Of course many more people kept their own livestock in centuries past and even in my own family as recently as my father’s childhood when he breed rabbits for show, with the ones that didn’t make the grade going into the pot. He was one of ten children, and in the practical and stoical dutch fashion of the family, even money put into hobbies could yield no waste.
Across the world in rural New Zealand I grew up with the reality that pigs never got named, and that once a year one would disappear during school time and be returned a short time later in the form of voluminous bags of sausages, chops, minced meat, diced meat etc. and after a while longer, hams.
Even when we moved to the city of Christchurch, my parents went to the Sydenham butchery every so often and order a side of beef: my mother would prepare the chest freezer in our garage during the previous month, it would be defrosted and completely cleaned, and reduced to a state of emptiness that meant only few lonely old fashioned metal trays of ice-cubes remained.
Then my mother would return from a shopping trip with an arm-load of plastic bags and labels, large ones, small ones and I knew which chore would be coming next. The half-side of beef would arrive in boxes of a large assortment of various cuts and it was my job to count out schnitzels, sausages, steaks etc into family meal sized portions and bag them whilst my mother labeled them and stacked everything in sections in the base of the freezer or in the baskets that sat suspended inside the freezer.
The sorting, counting, bagging and labelling would take the whole family some hours but once done the freezer would be tightly packed full of meat and whilst it was a large financial outlay at one time it worked out far cheaper over the course of the year when compared to supermarket prices with packaging etc.
In centuries past there were no chest freezers of course, or any sort of freezer at home or anywhere: a few large country houses may have their own ice-house, where blocks of ices were cut and stored for use in the kitchens, but in general apart from cured meats, meat was impossible to store for long or to transport very far.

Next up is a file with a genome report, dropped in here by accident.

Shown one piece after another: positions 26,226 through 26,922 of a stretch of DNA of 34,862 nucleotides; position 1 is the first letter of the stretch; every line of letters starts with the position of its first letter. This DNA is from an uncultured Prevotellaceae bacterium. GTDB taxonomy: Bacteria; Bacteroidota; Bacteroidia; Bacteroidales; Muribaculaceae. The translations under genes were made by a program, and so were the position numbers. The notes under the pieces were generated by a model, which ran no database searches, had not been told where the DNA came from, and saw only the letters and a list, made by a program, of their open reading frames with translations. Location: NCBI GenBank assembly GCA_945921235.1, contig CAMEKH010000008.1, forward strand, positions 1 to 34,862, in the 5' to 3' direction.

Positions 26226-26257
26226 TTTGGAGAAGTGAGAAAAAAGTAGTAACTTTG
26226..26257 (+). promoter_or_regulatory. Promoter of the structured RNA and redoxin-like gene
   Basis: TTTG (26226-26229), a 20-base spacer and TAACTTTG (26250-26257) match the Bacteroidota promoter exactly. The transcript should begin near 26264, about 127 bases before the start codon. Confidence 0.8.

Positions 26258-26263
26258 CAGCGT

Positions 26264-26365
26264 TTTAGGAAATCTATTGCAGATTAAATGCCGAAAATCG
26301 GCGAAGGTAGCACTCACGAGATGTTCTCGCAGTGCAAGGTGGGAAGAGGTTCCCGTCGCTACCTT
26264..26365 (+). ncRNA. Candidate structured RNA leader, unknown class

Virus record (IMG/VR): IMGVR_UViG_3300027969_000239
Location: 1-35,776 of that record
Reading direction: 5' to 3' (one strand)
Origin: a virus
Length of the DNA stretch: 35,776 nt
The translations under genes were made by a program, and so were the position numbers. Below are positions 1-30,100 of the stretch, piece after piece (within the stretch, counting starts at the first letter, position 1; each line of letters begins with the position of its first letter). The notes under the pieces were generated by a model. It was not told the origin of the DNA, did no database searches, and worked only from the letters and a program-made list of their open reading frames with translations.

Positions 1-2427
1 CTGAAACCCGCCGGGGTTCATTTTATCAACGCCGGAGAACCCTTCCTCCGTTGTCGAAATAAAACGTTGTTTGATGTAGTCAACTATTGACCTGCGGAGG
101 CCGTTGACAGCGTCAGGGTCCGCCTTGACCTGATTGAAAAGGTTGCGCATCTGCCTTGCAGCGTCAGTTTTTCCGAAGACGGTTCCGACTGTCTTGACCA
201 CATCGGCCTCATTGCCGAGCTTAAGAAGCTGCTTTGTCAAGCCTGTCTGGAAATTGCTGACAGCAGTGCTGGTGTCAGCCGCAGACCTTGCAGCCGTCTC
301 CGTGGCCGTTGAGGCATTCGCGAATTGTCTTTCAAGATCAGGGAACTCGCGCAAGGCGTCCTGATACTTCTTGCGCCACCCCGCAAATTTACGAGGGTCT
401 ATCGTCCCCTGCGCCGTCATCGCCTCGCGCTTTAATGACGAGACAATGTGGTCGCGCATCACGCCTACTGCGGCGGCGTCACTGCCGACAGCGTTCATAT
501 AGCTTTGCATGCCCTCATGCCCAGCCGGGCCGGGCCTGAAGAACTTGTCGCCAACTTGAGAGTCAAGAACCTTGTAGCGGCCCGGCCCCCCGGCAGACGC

The solution in medieval European cities was that once or twice a week there would be a meat market day, where livestock were herded into the centre of town and butchers would slaughter and butcher the beasts on the street next to a market stall where the meat would be bought fresh by the city customers.
In due course the cities grew large enough that the volume of beasts and mess of the slaughter became a messy and problematic issue for the city centre pavements, so the meat market moved it’s trade indoors to purpose built buildings where the mess, noise and smell could be better contained and regulated.
The move indoors also meant that beasts could be bought in in smaller numbers on almost a daily basis and meat could be bought fresh most days: thus in it’s earliest form the local butchery businesses as we know it today was born.
Here in the center of Delft is one of these early stone slaughterhouse and butchery buildings, the animals carved in stone of the front façade a signpost to the trade that took place within.
The lower doors access the slaughter-house via ramps, the steps to the upper doors were probably for the meat sale rooms, separating and removing the customers from the less gentile realities of the trade … an aspect of our food production that continues to this day.
The reality of a butchery may be grim but it’s a fact of life and I firmly believe that people who are more aware of where their food comes from are also more likely to fight to ensure that the beasts we eat are well reared, killed in a humane fashion and that nothing is wasted. The Butchery trade has evolved, but there is an aspect of the reality that in this ever increasing “processed” world that I really hope we never loose.